I wish I had the data required to study usage and encifiefcy because my feeling is that this is one of those areas where what’s true in most cases is not true in all cases.1. I think usage typically tends to vary with the development of a player’s shooting range and other offensive skills. Things like better ball handling, post moves, finishing ability and general shot creation allow for greater usage with similar or better results. So if you study a group of players and chart an increase in usage without a corresponding decrease in encifiefcy, you may actually be charting an increase in overall skill that allowed for greater usage (and vice versa) and not that usage doesn’t matter. 2. As I mentioned in a previous thread, a small increase in the number of shots is not going to cause a huge decrease in overall encifiefcy. If a player’s eFG% is 50% and he adds 2-3 shots per 36 minutes, it’s not like the next group is going to be made up of 10% shots. It may be made up of 45% shots and not move the overall encifiefcy needle much at all. It may take a more extreme change in usage to have a clearly measurable impact. 3. Sometimes I like to use simple common sense and think about how these things would impact me or players whose game I am familiar with. For example, Renaldo Balkman is a fairly low usage efficient player with almost no outside shot. He’s also a poor free throw shooter. I ask myself. With his limited scoring skill set, do I think he could add 1-2 shots per 36 and remain as efficient? I’d say easily. 3-4?Maybe. 5-6?No way.Do I think Lebron James could add 5-6? Absolutely? 7-9? Perhaps.15? No way.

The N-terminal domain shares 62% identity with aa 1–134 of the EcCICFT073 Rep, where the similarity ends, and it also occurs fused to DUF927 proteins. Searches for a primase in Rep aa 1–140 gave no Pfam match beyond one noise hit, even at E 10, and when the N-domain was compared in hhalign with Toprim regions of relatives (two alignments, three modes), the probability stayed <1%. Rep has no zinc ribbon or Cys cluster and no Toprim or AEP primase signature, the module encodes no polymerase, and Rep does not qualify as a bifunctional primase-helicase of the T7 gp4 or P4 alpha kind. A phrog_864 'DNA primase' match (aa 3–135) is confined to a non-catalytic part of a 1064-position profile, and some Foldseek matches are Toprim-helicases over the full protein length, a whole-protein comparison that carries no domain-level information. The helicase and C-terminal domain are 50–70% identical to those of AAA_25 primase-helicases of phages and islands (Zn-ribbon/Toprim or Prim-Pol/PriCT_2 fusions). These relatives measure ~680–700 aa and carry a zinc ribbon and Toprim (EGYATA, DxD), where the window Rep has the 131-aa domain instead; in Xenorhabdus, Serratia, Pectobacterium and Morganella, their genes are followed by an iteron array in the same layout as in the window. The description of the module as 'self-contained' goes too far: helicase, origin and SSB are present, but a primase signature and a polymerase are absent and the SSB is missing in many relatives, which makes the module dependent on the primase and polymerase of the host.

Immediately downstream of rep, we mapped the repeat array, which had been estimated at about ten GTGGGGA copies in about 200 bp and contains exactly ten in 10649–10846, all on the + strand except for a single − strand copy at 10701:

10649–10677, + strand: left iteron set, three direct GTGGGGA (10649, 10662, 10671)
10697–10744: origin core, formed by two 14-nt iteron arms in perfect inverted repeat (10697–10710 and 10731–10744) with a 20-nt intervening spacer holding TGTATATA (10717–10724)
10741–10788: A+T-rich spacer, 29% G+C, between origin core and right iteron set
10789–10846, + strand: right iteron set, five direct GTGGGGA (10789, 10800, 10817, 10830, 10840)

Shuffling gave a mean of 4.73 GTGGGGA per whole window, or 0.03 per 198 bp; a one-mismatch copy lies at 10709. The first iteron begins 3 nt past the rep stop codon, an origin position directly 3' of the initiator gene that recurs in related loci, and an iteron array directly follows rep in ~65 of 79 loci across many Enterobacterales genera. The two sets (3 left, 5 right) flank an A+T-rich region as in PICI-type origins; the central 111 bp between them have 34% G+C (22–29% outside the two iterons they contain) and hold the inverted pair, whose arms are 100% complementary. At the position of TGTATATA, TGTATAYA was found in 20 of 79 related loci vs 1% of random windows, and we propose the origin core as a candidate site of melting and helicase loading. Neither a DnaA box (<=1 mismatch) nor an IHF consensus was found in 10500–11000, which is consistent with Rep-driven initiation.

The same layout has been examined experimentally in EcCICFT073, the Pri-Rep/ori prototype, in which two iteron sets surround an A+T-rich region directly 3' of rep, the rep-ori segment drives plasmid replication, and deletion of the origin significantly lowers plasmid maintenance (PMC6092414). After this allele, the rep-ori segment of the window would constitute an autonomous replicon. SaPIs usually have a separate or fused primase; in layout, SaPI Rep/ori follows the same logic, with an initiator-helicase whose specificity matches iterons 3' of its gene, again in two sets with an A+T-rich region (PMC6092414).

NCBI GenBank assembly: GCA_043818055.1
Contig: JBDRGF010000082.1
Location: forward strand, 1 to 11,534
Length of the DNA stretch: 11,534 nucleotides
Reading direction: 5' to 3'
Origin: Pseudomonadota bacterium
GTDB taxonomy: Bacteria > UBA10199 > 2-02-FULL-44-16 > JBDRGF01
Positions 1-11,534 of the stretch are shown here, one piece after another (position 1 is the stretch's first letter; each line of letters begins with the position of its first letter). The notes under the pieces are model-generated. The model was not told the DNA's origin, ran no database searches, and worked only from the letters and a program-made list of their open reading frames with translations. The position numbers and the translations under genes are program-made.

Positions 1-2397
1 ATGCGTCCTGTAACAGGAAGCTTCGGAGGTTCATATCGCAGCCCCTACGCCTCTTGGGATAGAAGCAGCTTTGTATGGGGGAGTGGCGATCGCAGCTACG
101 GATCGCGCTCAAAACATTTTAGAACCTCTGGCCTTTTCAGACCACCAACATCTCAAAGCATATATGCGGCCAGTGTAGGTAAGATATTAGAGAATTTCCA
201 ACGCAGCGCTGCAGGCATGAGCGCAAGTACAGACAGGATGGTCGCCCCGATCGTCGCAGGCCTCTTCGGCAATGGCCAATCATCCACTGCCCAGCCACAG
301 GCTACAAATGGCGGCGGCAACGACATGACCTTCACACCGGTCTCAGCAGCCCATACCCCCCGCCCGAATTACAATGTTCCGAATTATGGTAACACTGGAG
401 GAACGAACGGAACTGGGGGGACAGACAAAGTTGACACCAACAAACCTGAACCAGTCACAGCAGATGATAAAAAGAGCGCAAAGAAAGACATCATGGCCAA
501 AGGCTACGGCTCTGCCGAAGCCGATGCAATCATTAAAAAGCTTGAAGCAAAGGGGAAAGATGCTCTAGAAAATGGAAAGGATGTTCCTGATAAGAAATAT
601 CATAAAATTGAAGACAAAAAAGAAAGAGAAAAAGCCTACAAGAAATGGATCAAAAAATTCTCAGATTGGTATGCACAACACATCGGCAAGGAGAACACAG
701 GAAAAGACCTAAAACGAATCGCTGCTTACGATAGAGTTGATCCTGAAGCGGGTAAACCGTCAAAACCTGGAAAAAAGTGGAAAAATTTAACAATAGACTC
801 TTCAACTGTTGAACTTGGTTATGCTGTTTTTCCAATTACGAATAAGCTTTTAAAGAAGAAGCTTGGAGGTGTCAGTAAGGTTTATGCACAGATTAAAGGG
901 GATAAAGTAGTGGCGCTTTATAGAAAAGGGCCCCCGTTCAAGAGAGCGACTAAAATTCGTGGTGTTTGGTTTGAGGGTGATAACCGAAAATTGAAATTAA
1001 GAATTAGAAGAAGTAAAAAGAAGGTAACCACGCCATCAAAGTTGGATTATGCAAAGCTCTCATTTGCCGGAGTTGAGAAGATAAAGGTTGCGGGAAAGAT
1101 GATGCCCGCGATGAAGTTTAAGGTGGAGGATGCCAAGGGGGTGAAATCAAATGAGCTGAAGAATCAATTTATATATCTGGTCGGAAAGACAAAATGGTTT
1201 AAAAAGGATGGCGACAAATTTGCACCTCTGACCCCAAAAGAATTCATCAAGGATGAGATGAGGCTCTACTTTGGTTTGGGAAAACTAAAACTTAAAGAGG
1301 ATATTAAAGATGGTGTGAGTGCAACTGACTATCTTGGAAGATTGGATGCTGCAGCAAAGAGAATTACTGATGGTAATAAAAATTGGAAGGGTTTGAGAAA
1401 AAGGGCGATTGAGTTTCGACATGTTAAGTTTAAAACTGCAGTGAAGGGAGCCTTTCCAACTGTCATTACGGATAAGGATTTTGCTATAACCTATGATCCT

2. Andy says

    Andrew, nice article and Griz nation can’t wait for the season to start.

    A few criticisms:
    1. You don’t even mention Kosta Koufus, who started 81 games for the 57-win Nuggets.
    Can’t overstate the importance of his acquisition, as Griz fans held their breath and
    watch leads quickly evaporate anytime Gasol went to the bench for a breather.
    And Koufus is signed at only $3M per year for the next 2 years, and only cost the
    Griz a deteriorating Darrell Arthur and a 2nd round pick. Genuis trade.
    2. A whole section on Jamaal Franklin – who the Griz were happy to take at pick 41 –
    but who will likely be the 13th player on team this year? A focus on Quincy Pondexter
    would have been much more appropriate. Along with Miller, Quincy will be counted
    to improve team 3-point shooting and spacing. Most think he will have the most
    minutes off the bench and eventually replace Tayshaun Prince.
    3. Many of the current players did not like Lionel Hollins – Ed Davis, Jarryd Bayless
    (hard to imagine Joerger shoving a player like Hollins did Bayless last year), Tony
    Allen, Jon Leuer and Zach. These guys were professionals and did not complain to
    the media, and of course the team was winning so that kept the lid on discontent.
    Hollins had his favorites and everyone knew who they were. It will be interesting to
    see how these players perform under the new coach.


  1. […] Andrew Ford of Sheridan Hoops runs down five things to watch when it comes to the Grizzlies this season.  One of the keys for Memphis will be Mike Miller and it’ll be interesting to see if the returning veteran can hold up enough to make an impact.  The 33-year-old has dealt with a litany of health issues in recent years and was let go via the amensty provision by Miami this summer. […]